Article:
Miami DE Jaelan Phillips offers intrigue, potential as NFL draft’s boom or bust prospect

Detroit Free Press

He is the biggest boom-bust prospect in this year’s NFL draft, but Miami (Fla.) defensive end Jaelan Phillips wants NFL teams to know their hand-wringing is for naught.

“Everybody’s path to success isn’t linear at all,” Phillips said last month at Miami’s pro day. “There’s ups and downs and I think all of that really just gave me a better look at everything. Like, it made me have this chip on my shoulder and gave me a deeper appreciation of what the game is and what it brings to me. And so for me, I never lost my passion with football, I just needed a little kick in the butt. A little kick in the butt, for sure.”

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Phillips got his kick in the butt when he spent the 2019 season away from football, and it’s that hiatus — coupled with a troubling injury history — that has NFL teams debating whether the draft’s most talented pass rusher is worthy of a first-round pick.

The nation’s No. 1 recruit in 2017, per 247Sports, Phillips had a string of injuries at UCLA that caused him to temporarily retire from football.

He missed time as a freshman with sprains to both ankles, then needed two surgeries before his sophomore season to fix a wrist he injured in a moped accident.

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When Phillips suffered his third brain injury in October of 2018, he left football and found his way into the music industry. The grandson of a pianist, Phillips spent a year producing and making music, and eventually enrolled in Miami’s prestigious Frost School of Music.

He told 247Sports during the season that he had a “nagging feeling” during his time away from football that something was missing with his new life, and last year he re-joined the Hurricanes football program and had a dominant eight-sack season (in 10 games) while many other top prospects opted out of playing.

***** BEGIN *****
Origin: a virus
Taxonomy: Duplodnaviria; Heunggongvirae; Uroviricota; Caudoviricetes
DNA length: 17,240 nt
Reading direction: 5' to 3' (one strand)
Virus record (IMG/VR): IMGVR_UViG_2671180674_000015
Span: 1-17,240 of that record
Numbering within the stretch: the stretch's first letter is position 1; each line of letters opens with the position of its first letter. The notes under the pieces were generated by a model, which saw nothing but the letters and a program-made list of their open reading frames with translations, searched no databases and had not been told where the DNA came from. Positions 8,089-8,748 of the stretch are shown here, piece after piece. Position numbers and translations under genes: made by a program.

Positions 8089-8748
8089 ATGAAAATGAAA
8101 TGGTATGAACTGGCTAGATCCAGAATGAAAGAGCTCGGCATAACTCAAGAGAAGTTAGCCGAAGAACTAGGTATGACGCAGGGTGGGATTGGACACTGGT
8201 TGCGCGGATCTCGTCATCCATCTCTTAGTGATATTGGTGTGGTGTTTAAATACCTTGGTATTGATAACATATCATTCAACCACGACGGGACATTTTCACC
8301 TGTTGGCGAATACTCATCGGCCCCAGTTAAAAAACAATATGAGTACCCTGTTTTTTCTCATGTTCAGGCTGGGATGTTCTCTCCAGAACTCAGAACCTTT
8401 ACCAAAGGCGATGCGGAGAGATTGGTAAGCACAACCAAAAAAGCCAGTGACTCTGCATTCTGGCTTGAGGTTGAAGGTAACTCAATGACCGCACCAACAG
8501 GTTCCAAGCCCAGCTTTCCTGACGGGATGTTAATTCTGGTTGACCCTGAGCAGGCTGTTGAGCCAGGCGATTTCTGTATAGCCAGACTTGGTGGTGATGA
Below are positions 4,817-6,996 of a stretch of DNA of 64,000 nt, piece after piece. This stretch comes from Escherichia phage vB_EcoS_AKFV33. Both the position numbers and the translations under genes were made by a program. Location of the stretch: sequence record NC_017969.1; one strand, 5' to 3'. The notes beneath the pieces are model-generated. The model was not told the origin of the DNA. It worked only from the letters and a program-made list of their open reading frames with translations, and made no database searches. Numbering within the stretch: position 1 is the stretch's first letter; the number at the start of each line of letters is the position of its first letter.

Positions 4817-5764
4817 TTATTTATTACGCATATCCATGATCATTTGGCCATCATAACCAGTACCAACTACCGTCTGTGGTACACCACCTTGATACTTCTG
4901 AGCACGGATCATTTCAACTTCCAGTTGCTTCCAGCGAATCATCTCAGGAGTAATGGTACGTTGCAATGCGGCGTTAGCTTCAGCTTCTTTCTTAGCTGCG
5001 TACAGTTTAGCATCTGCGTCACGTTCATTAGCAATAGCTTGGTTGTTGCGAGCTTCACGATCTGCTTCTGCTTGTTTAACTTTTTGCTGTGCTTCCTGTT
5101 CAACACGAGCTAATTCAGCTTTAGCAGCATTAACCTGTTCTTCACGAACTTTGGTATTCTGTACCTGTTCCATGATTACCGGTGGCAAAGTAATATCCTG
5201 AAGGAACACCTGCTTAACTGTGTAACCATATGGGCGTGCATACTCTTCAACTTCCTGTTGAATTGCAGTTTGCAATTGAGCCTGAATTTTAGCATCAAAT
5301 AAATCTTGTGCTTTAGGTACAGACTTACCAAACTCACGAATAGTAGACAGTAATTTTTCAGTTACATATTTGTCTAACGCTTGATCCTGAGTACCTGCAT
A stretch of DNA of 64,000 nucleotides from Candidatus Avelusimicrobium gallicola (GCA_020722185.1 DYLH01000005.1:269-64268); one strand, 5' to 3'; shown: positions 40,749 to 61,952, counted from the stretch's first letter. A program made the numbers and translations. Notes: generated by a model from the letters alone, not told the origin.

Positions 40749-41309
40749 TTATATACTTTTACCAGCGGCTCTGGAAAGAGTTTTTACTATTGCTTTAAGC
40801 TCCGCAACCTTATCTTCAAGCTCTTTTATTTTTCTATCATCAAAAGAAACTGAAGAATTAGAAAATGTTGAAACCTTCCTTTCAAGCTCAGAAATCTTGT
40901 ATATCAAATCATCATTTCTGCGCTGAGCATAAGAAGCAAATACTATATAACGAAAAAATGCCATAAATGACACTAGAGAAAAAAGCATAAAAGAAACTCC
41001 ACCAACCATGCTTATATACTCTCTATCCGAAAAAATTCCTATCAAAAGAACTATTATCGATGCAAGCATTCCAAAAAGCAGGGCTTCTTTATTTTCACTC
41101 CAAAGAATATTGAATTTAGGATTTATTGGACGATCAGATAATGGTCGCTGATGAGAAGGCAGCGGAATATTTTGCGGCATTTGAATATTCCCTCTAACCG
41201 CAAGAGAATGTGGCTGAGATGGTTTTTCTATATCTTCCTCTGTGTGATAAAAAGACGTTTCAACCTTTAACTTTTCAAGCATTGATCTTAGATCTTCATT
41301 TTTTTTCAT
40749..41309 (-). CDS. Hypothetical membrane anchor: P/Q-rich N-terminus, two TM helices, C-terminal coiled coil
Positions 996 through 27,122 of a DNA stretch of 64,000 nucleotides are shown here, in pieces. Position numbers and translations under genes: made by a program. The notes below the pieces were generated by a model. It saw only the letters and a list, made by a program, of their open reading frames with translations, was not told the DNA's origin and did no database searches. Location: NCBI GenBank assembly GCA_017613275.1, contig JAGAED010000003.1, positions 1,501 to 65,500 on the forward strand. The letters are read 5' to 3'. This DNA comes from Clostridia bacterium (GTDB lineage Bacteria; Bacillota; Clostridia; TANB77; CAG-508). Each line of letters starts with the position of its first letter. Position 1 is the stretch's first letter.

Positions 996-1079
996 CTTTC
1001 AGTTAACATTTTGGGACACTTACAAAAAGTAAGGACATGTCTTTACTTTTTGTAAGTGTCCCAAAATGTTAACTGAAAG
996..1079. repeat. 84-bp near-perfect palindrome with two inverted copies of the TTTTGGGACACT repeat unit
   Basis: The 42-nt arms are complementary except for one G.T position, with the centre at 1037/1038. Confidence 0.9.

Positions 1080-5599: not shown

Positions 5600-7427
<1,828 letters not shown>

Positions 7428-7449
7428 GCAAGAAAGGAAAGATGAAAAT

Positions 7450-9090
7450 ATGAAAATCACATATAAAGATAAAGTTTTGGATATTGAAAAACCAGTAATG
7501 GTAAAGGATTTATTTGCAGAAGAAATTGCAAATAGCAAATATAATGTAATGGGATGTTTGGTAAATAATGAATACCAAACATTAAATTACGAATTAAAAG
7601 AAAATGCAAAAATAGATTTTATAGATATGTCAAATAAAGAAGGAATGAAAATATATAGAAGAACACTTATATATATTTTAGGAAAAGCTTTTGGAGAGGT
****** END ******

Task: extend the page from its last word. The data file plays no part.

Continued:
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Normally, a pass rusher of Phillips’ caliber would warrant a top-five pick — at least one edge rusher has gone in the top five every year since 2012 — and would be of interest to the Detroit Lions at No. 7, if he slipped that far.

But COVID restrictions prevented NFL teams from hosting prospects on top-30 pre-draft visits this year and having extended meetings with them in-person, leaving more uncertainties than usual with Phillips’ personal and medical evaluations and making him what NFL Network analyst Daniel Jeremiah called Phillips the biggest “wild card” of the draft.

“Jaelan Phillips is always going to be dependent on where teams are with him, the stuff off the field, because on the field he’s a top-10 pick,” Jeremiah said. “So that will determine where he goes. He’s got a wide range of where he could come off the board.”

Phillips wowed at his pro day, running a sub-4.6-second 40-yard dash at 6 feet 5 and 260 pounds, and after he tried to dispel fears that music, not football, is his true love.

“Obviously, I love music, but I love football more,” he said, pointing to before-and-after pictures of when he came to Miami and how he transformed his body after slimming down to 218 pounds in his year away from football.

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“What I love most about football is just that competitiveness. I have a desire to be excellent at everything I do, and for me, I feel like it’s my God-given talent to go out there on that football field and just perform and just dominate. And so for me, the feeling of making a sack or getting a TFL and just winning games, it’s like an out-of-body experience. There’s nothing like it.”

Michigan defensive end Kwity Paye and Phillips’ Miami teammate, Greg Rousseau, are among the other top prospects in what is generally regarded as a down year for defensive linemen.

Neither comes with Phillips’ upside nor risk, though Phillips said that risk won’t stop him from reaching his massive potential.

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“I mean, look, man, the proof is in the pudding,” he said. “I think that my play on the field obviously showed that I didn’t miss a game, didn’t miss a workout, didn’t miss anything. If you watch the pro day, you saw it, that wrist is still working and obviously I’m healthy. I don’t think it’s a risk at all. I think we play a dangerous and violent game so obviously people get hurt but I wouldn’t be here today if I was a risk. So I think that I’m a guy who does all the right things, does all the extra things to make sure my body’s on point and I truly believe if you take care of your body, your body will take care of you so that’s kind of how I’ve been living for the last couple years.”

Contact Dave Birkett at dbirkett@freepress.com. Follow him on Twitter @davebirkett.

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